SS Teo: When it happened, I got a phone call and before that, you always thought it would never happen to you, right? My ops manager called me and said pirates had boarded one of our ships, they were now escorting the ship back to Somalia. So my first reaction was: Life goes on, don't let this hijack affect the operation of the company. So the instruction was that, "Life goes on, let's form a disaster action team to actually try to get the ship back." So, the first thing that came to my mind was actually the safety of the men on board. So, we had to make sure that the family was informed, made sure that no media would go and disturb them, and we negotiated with the pirates. We told them that the safety of our men was number one. If you do any harm to them, then forget about the….
Christine Tan: So how long was the whole negotiation process?
SS Teo: 75 Days.
Christine Tan: So how did you manage in the end to free the vessels and your crew?
SS Teo: In the end, we had to pay an amount we cannot disclose. Then when they were freed, the ship sailed to a nearby port. In fact, I wanted to go to receive the ship but my father said no. He said "Your deputy better go". So he went, but the next thing we did was to make sure that all the crew had a psychiatrist to actually give them a check and we made sure that they were sent back to their home. We made sure that when they arrive at their home port, we have actually our manager in the local office to accompany the family to receive them. So I think that the post release, how to give them the treatment and all that, is very important.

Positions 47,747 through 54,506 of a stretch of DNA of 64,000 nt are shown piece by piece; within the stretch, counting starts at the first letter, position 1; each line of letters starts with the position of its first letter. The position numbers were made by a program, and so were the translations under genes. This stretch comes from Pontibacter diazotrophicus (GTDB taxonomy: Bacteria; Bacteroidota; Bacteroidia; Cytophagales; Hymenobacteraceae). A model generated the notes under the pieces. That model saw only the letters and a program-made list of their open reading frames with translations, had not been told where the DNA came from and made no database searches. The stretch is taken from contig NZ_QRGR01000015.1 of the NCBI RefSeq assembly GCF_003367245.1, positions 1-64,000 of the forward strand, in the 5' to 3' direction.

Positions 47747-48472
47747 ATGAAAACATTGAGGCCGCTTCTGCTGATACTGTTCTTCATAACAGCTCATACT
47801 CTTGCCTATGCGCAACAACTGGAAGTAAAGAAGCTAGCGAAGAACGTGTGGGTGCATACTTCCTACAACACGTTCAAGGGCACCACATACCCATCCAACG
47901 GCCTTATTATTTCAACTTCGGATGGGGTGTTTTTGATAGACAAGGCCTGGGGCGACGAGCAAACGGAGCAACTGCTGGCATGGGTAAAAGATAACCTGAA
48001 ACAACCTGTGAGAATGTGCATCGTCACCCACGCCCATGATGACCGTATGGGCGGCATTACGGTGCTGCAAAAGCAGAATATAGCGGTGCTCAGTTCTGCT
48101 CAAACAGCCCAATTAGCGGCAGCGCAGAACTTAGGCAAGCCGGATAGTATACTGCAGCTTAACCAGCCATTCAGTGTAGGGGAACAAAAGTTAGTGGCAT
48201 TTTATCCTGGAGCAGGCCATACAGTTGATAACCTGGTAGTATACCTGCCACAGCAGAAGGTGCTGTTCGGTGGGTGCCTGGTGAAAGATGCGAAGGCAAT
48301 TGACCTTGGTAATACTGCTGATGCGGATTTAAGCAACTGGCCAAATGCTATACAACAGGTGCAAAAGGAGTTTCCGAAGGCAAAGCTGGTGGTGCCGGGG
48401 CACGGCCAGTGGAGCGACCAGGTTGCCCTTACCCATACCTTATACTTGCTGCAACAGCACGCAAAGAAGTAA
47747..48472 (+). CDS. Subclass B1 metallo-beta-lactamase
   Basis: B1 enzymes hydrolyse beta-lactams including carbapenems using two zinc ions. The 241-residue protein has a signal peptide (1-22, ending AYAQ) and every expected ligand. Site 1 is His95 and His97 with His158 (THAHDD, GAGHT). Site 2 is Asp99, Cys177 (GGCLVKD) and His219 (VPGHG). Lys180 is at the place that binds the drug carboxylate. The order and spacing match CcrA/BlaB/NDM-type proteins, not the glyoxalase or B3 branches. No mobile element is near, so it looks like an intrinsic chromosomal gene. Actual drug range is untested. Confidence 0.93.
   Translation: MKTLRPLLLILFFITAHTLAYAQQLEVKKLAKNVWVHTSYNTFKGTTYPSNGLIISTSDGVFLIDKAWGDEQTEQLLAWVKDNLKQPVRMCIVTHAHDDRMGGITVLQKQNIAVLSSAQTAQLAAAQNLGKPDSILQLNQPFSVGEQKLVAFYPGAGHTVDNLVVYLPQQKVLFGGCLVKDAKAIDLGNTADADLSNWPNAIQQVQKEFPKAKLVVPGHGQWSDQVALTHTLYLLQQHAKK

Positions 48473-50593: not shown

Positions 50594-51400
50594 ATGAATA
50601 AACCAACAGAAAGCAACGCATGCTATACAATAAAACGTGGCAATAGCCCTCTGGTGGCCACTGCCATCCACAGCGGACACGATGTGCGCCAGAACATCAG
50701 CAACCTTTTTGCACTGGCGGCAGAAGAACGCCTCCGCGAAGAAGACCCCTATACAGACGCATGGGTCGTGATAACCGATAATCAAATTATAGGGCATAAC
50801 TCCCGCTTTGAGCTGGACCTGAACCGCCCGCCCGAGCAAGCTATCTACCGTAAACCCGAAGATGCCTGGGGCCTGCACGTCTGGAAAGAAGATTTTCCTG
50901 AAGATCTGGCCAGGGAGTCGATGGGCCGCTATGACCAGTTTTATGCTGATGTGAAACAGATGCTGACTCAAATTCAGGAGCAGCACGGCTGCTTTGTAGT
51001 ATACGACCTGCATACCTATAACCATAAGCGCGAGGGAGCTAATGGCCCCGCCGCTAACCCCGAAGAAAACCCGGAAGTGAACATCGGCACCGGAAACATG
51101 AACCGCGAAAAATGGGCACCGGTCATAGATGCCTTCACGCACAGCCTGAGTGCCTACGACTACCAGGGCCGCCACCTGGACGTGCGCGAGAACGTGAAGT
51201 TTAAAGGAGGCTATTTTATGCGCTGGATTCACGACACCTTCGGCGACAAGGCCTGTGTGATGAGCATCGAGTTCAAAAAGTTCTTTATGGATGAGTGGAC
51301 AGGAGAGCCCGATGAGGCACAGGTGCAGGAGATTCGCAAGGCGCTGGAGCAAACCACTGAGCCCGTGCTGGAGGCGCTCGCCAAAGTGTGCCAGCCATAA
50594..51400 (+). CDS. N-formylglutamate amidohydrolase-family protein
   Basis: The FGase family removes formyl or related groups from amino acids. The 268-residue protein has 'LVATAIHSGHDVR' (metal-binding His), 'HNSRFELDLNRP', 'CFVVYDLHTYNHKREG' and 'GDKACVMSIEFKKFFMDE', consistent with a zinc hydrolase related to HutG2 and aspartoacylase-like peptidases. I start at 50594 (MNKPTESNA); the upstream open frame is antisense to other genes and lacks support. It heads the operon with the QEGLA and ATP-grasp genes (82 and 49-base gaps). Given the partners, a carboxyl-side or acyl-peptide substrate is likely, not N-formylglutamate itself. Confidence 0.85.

Christine Tan: So, what important lessons have you learnt as a result? What precautions are you now taking?
SS Teo: We now try to avoid those, what we call, "high-risk areas". But if we have to go through (these areas), then we carry armed guards.
Christine Tan: Last year, the shipping industry bounced back from a deep downturn we saw in the industry itself. Both PIL and your Hong Kong-listed container manufacturer Singamas returned to profitability. How do you expect to do this year?
SS Teo: The trade war at the moment doesn't affect the cargo flow. If anything, the trans-Pacific volume is very strong. That could also be, what we call, "upfront loading": people bringing goods in, in advance of tariff increase. But we think in the medium-term, as long as America continues to consume, the supply chain will be altered. So we are seeing now, in fact, increasing amount of enquiries of factories relocating from China to nearby Vietnam, Cambodia, even Malaysia, Indonesia and Bangladesh. So, we think there will be disruption if a sudden tariff is imposed, but overall, as long as consumption is there, Americans continue to have their hand phones, shoes and clothes, in fact, the whole supply chain will be dragged longer and there will be new locations of production. Their logistics are not as efficient as China so in fact, the turnaround of ships will be longer. So in the medium and long term, as long as trade volume remains on growth, the ship utilization will go up. For this year, in the first half, most of us did badly. One of the reasons was that during Chinese New Year, the cargo rate did not go down. So I think all of us, most of us, got carried away. We thought that the cargo would come back off at the end of March this year. Some lines chartered more ships in preparation for the pickup, but the pickup did not happen at the end of March. It only came around in May. So, rates went down in the second quarter which should have gone up. But more importantly, the fuel price went up, bunker price went up. So, it was a double whammy. So by May, many lines were already calling for emergency bunkers surcharge. Lines came out to make statements to say that they would not have any sailing if they were not making money. So coming to the second half, I think the result will be much better. One is that rates have continued to recover to partly offset the fuel price increase. More importantly, shipping lines realize the importance of maintaining a stable service is to have a reasonable return. So rates are still firming up, as we speak, this month.